Before adding and sharing your Fraud Alert please check to see if a similar alert has already been posted, thank you:

Scam alert: Thieves may be posing as collection agency

Post a Fraud Alert:

By Jeff Broddle

CADILLAC — A phone call received by a Manton man held warning signs of a possible scam with a new angle on parting people from their money.

Dan Dowland, 52, said he recently received a call from an outfit that identified itself to him only as “litigations department.”

Dowland said the caller told him he had an unpaid bill from seven years ago, and that he needed to send in a $100 payment by a deadline of Thursday, or he would owe $1,400. The caller was located in Washington, D.C.

Thing is, Dowland doesn’t have any outstanding bills that he knows of.

Even more telling was the method of payment requested by the caller. When money is requested in an unusual fashion, it can be a red flag that the call may be a scam.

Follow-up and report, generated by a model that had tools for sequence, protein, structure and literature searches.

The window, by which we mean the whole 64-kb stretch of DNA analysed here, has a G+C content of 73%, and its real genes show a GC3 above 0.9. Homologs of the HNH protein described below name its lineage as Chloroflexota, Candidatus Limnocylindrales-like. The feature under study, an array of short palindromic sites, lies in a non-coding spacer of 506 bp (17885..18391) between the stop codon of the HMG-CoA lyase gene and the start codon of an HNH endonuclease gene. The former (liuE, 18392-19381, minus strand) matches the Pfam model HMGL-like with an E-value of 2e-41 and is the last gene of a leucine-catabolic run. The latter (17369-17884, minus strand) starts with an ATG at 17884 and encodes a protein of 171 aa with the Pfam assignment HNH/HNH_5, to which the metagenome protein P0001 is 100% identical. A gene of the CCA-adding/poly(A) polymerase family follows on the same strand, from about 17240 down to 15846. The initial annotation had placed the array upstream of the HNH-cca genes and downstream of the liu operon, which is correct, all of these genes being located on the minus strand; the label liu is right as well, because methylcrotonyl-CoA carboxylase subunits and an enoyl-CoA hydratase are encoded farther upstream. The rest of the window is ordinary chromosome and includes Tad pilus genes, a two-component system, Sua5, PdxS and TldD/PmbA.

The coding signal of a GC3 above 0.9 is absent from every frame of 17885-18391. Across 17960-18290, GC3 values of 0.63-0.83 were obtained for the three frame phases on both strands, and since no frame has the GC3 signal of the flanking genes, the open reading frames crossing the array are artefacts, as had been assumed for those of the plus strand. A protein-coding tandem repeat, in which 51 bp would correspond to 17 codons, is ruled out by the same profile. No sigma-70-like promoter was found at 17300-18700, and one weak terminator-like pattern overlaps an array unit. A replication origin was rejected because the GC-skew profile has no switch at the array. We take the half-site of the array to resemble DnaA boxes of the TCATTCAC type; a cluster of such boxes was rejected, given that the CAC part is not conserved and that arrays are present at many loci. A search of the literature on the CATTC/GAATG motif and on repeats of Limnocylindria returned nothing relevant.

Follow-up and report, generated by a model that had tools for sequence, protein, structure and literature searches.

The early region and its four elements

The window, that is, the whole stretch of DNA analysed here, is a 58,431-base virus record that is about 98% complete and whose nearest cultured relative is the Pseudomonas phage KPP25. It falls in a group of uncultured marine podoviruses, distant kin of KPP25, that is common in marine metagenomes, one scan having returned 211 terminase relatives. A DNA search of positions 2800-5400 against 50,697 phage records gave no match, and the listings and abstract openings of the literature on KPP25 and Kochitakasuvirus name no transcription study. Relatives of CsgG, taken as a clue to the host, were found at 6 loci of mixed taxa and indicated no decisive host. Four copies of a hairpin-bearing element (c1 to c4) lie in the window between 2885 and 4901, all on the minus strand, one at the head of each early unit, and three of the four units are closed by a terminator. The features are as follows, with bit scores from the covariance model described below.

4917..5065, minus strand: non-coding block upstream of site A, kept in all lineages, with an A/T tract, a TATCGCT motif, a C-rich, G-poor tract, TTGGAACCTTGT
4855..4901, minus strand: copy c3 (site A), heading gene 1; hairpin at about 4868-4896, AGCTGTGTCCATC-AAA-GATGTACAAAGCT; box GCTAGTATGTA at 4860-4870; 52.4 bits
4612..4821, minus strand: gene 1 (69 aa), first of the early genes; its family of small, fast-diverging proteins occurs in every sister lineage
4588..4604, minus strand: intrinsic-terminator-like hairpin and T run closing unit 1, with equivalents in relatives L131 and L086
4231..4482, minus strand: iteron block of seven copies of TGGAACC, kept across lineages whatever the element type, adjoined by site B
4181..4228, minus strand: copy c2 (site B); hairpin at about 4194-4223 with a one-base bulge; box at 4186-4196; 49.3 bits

The caller asked Dowland to make payment by purchasing a pre-paid $100 Visa card from Wal-Mart and sending it by mail. Even more unusual: the caller said they would not accept a check. In general, a legitimate business seeking to collect a debt would be more than happy to receive a check.

If you receive a similar call, turn the tables and take control of the conversation.

That’s the advice of Phil Catlett, president of the Better Business Bureau of Western Michigan.

In some cases, it can be difficult to tell if a caller is an actual collections firm using questionable practices, or a scam altogether.

In either case, it’s your right to ask for a contact name, address and phone number. Send a letter to the firm telling them to provide evidence of the debt in writing. Also tell them not to call your telephone again — legally they will prohibited from doing so, Catlett said.

Don’t disclose any confidential information, either. If the company is collecting on a legitimate debt, then they should already have your address.

Article source: